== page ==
It was alleged that the defendant, described as a drug dealing gangster, bullied Mr. Algar and threatened to kill his cat, which was never found.

Following Mr. Algar’s death, the defendant held a meeting with Emmons and Lucima on December 16 to decide what to do with the body, the court heard.

The Old Bailey learned that the clean-up operation and removal of Mr Algar's body was interrupted by the impromptu decision to attack Mr Cham, who allegedly robbed other dealers of cash and drugs.  On January 3, 2020, Mr Algar's head and torso were discovered at his home (photo) after his mother raised the alarm

The Old Bailey learned that the clean-up operation and removal of Mr Algar's body was interrupted by the impromptu decision to attack Mr Cham, who allegedly robbed other dealers of cash and drugs.  On January 3, 2020, Mr Algar's head and torso were discovered at his home (photo) after his mother raised the alarm

The Old Bailey learned that the clean-up operation and removal of Mr Algar’s body was interrupted by the spontaneous decision to attack Mr Cham, who allegedly robs other dealers of cash and drugs. On January 3, 2020, Mr Algar’s head and torso were discovered at his home (photo) after his mother raised the alarm

Early the next day, Emmons’s phone was reportedly used to investigate how to dissolve a body in acid, such as a plot from the television series Breaking Bad.

Lucima bought cleaning products from Tesco, and the following days, Mr. Algar was chopped up and his limbs dumped at Hounslow Heath.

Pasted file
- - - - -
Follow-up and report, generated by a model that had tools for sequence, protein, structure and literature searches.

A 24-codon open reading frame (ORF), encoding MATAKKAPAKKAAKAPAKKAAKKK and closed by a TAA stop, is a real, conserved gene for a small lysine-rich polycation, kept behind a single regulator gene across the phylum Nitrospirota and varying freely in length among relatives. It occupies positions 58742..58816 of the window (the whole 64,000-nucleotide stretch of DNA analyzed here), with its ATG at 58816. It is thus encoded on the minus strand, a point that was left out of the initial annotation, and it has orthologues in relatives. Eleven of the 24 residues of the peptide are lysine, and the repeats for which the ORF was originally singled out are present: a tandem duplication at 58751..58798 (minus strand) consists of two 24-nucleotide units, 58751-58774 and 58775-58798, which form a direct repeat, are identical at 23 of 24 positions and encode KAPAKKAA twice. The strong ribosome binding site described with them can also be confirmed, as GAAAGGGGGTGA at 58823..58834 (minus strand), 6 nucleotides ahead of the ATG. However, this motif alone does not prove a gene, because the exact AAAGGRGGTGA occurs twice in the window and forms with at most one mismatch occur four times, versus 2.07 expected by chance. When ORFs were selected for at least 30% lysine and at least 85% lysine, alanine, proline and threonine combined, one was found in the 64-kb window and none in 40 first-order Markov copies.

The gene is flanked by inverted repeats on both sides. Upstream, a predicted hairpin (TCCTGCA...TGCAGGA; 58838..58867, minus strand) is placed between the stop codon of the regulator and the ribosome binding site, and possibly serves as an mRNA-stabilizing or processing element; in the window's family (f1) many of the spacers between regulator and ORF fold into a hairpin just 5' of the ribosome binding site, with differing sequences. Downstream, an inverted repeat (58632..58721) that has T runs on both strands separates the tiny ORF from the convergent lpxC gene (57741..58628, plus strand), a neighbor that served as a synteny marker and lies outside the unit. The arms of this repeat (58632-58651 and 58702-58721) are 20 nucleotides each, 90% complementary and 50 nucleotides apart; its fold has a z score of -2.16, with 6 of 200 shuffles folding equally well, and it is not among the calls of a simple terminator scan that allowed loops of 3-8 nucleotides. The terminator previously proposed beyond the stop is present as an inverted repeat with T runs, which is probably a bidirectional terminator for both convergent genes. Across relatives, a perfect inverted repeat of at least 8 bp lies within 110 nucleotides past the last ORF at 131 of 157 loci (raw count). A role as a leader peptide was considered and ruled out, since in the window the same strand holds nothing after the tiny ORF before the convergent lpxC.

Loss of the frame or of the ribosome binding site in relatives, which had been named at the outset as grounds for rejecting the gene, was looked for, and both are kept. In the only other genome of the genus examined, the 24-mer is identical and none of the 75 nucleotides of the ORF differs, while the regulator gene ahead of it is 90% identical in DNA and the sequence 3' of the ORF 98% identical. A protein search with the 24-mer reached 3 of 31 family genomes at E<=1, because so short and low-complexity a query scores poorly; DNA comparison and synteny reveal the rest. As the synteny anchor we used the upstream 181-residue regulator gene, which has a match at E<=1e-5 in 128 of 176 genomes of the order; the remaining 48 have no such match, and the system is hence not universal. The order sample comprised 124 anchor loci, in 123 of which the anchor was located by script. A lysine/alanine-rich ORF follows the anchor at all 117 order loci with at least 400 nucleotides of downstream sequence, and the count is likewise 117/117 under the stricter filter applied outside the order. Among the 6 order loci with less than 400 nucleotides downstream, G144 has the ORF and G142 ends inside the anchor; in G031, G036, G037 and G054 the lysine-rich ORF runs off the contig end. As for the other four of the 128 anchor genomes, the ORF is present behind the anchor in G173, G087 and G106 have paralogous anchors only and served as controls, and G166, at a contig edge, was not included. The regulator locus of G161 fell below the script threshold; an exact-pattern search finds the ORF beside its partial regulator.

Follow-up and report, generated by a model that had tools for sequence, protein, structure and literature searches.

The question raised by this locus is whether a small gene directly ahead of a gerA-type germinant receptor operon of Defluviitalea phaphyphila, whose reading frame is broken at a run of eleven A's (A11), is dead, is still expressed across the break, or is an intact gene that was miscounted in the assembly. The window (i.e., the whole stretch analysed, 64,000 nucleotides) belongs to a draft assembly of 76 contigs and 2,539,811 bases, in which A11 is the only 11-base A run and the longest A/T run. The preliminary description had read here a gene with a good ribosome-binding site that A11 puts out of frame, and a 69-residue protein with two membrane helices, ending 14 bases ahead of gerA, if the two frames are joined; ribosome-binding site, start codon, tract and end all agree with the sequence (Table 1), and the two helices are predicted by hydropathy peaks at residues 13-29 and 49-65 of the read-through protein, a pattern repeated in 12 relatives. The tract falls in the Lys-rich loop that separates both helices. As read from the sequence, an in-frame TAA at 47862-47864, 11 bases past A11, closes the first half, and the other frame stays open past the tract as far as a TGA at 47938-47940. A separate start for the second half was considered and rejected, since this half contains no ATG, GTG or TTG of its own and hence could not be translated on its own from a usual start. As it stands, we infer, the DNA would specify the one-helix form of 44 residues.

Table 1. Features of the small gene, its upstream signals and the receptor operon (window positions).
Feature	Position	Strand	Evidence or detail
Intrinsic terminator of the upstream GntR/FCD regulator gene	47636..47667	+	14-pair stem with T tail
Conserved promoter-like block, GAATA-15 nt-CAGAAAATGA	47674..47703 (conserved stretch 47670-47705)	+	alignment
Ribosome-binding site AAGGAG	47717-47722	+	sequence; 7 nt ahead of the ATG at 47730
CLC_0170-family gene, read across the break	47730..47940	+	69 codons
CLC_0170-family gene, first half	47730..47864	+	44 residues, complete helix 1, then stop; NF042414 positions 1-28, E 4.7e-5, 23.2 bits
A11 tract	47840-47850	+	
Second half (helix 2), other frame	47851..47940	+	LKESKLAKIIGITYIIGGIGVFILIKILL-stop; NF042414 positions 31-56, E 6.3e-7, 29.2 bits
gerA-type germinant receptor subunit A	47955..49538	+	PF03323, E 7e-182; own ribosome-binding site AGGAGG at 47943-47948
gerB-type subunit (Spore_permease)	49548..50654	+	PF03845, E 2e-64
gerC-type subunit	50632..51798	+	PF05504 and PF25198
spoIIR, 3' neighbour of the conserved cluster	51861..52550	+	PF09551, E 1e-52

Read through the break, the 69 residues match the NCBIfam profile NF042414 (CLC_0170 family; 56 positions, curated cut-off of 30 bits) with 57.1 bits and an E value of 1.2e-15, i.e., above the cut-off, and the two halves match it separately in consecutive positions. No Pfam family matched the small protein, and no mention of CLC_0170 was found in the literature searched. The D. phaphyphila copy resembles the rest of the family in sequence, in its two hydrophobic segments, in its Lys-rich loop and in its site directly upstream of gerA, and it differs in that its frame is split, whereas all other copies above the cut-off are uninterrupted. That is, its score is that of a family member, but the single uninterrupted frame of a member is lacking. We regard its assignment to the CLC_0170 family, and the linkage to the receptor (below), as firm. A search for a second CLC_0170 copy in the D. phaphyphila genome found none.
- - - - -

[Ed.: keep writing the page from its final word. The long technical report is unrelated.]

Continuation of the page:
The clean-up operation was interrupted by the impromptu decision to attack Mr Cham, who allegedly robbed other dealers of cash and drugs, jurors heard.

Emmons, Dube and the unidentified 19-year-old traveled to Mr. Cham’s home, where he was stabbed 11 times in a “savage and frenzied attack,” said Mr. Aylett.

On January 3, 2020, Mr Algar’s head and torso were discovered by police at his home.

The victim’s elderly mother had raised the alarm after not keeping in touch with her over Christmas.

Mr Aylett said: ‘All of the events that are taking place in this case, both in relation to Mr Algar and in relation to Mr Cham, take place in the context of the lucrative and lawless world of Class A drug trafficking.

The drug trafficking world is one of rivalries, robberies and turf wars.

And when drug dealers drop out, they don’t bring their problems to the police.

“Instead, they take matters into their own hands – usually by force and often ending in death or serious injury.”

The 19-year-old, unnamed defendant, denied the murders, claiming that he had seen Emmons chop off Mr Algar’s legs with a Rambo knife.

He admitted to going to the house to clean up, but denied making plans to use a Breaking Bad-inspired acid bath to get rid of the body.

He dismissed alleged confessions as mere boasting.

In his evidence, Emmons rejected the 19-year-old’s allegation that he confessed to the murders, saying the charge that he was involved in the cleanup was “ fantasy talk. ”

The defendants were remanded in custody and will be sentenced at the Old Bailey on July 23.

.